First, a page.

- Communities of Indigenous Australians include the Murrawarri, Koori, Ngunnawal, Goorie, Murrdi, Murri, Myungar, Yamatji, Wangai, Nunga, Anangu, Yapa, Arrernte, Yolngu, Bininji, Tiwi, Anindilyakwa, and Palawah.
- Torres Strait Islanders are closely related to the people of Papua New Guinea.
- Amidst having hundreds of languages and few speakers for each. Their languages is categorized into two main classes: (1) Nyungan and (2) non-Pama-Nyungan, who generally settle in the northern and western part of Australia. On the other hand, Torres Strait Islanders speak the Papuan language.
- Like many indigenous civilizations, Aboriginal Australian cultural practices are pack with ceremonies with dancing, singing, ritials, and costumes.
- In 1972, the Aboriginal Flag was adopted in Australia. The black strip above symbolizes the Aboriginal people, while the red strip below stands for earth and ochre they used in ceremonies. The yellow circle in the middle represents the sun.
- In 1992, Torres Strait Islanders adopted their own flag. The green panels symbolize the land, blue for waters, and white headdress of their dancers in the middle.
- The star in the middle stands for navigation.
- In spite of the many Indigenous languages and sub clans, their spirituality makes them similar to one another.
- Aboriginal Australian religions do not believe in the existence of heaven and hell. They have the philosophical concept of Dreaming or the Dreamtime, which is the source of mortality mixed with their native stories of creation. Anthropologist W.E.H Stanner used the term ‘everywhen’ in describing this concept.
- A number of Aboriginal festivals are celebrated in Australia, including the Yabun Festival every January 26, sane with Australia Day, Parrtjima Festival, Boomerang Festival and Tjungu Festival in April, A Taste of Kakadu in May, Barunga Festival in June, NAIDOC Week in July, Garma Festival and Darwin Festival in August.
ISSUES AND CHALLENGES
- In the 1800s, a number of church missions and government policies forcibly separated Aboriginal children from their families and placed them in missions, orphanages, and foster families. As part of assimilation, Aboriginal children were given new identities and religion. They became part of the term ‘Stolen Generations’. This process only ended in the 1970s.
- In 1962, Aboriginal Australians were granted the right to vote. Five years later, they were allowed to stand for elective parliamentary positions which expanded their right to suffrage.
- In the same year, more than 90% of Australian voters agreed to let Torres Strait Islanders be subjected to Commonwealth laws, rather than merely state laws.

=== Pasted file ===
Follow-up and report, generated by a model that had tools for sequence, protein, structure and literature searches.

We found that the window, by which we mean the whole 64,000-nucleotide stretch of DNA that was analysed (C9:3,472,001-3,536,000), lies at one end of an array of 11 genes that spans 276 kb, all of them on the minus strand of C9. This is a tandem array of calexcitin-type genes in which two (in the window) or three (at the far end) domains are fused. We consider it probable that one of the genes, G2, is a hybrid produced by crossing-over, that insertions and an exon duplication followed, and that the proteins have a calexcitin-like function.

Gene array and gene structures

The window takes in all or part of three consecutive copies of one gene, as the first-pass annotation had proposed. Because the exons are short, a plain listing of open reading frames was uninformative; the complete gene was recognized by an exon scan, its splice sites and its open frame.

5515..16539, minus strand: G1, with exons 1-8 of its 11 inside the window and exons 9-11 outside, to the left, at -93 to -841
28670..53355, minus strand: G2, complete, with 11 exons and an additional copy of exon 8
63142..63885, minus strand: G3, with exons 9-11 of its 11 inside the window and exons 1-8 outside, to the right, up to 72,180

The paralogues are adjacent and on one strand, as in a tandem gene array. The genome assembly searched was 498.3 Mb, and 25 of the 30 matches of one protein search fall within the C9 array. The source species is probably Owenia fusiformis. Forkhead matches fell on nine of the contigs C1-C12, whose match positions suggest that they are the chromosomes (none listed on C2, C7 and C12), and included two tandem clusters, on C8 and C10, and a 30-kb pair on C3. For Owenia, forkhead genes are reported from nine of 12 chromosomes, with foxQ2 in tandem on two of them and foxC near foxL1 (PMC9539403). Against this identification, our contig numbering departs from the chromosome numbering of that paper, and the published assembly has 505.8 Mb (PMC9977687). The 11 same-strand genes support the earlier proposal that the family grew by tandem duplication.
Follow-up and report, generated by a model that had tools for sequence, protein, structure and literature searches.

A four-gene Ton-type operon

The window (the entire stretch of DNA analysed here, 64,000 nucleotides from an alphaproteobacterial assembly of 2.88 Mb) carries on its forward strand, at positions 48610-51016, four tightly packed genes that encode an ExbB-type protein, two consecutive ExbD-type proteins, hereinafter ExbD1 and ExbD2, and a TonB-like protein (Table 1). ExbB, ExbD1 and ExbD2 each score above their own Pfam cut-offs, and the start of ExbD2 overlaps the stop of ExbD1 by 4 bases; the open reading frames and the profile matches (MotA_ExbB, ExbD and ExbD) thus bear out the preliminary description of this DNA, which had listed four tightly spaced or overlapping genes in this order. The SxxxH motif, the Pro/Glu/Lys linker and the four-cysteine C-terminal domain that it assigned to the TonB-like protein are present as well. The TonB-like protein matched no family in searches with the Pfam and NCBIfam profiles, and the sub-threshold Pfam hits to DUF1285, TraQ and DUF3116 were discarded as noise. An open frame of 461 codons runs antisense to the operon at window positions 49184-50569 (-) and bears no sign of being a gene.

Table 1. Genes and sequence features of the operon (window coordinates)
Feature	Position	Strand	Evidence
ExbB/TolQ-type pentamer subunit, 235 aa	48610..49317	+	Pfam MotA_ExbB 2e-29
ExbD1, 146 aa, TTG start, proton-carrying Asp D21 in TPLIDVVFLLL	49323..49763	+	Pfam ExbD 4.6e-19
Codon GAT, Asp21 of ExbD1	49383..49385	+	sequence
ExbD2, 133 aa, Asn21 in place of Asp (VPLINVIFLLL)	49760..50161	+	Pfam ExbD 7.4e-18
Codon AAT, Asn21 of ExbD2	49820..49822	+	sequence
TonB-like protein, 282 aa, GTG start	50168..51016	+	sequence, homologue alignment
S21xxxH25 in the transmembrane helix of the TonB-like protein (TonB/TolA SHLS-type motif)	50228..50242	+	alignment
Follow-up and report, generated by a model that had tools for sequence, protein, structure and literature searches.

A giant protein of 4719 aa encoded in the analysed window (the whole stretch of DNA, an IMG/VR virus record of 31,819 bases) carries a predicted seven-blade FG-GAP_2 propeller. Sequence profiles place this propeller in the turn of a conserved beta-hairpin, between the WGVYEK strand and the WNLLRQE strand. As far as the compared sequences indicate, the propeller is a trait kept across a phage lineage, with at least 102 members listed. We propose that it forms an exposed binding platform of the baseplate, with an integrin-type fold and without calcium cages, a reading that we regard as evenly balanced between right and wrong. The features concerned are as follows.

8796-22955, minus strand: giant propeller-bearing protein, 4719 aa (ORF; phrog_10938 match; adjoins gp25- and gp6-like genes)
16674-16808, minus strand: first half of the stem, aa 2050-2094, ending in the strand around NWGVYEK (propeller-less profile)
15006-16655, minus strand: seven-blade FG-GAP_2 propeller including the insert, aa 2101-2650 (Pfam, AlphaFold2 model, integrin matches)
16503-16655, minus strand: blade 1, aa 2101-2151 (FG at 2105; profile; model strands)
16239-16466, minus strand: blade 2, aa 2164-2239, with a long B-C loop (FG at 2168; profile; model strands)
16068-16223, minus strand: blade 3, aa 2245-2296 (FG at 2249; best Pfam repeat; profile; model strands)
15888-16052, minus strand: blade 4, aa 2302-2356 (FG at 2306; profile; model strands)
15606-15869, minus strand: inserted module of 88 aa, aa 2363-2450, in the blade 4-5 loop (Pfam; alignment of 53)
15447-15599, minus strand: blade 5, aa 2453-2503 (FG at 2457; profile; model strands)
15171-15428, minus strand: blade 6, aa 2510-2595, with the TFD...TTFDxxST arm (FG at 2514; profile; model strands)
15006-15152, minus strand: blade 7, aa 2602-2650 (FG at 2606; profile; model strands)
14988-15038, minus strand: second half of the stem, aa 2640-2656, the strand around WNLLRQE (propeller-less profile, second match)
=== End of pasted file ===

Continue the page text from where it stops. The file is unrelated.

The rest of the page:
- In 1992, under the British and Australian law, the High court ruled over Aboriginal lands prior to the coming of the British was that of ‘terra nullius’, which means that the land was empty before the British colonization, belonged to no-one, and could legitimately be taken over.
- Today, poor living conditions, mortality rate among infants, and suicide has resulted in low Aboriginal population. Moreover, the rest of the populace have lower life expectancy rate.
Aboriginal Peoples of Australia Worksheets
This is a fantastic bundle which includes everything you need to know about the Aboriginal Peoples of Australia across 23 in-depth pages. These are ready-to-use Aboriginal Peoples of Australia worksheets that are perfect for teaching students about the Aboriginal peoples of Australia which refers to the various indigenous populations in mainland Australia and its islands. The general term Aboriginal Australians includes regional groups characterized by local language and cultural groups.
Complete List Of Included Worksheets
- Aboriginal Peoples of Australia Facts
- Building Vocabulary
- Continents of the World
- Aboriginal Populations
- Indigenous Australians
- Aborigines in Pictures
- NAIDOC Week
- Contact with Europeans
- Peopling of Australia
- Between the LinesAborigines and Natives
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Link will appear as Aboriginal Peoples of Australia Facts & Worksheets: https://kidskonnect.com - KidsKonnect, January 4, 2021
Use With Any Curriculum
These worksheets have been specifically designed for use with any international curriculum. You can use these worksheets as-is, or edit them using Google Slides to make them more specific to your own student ability levels and curriculum standards.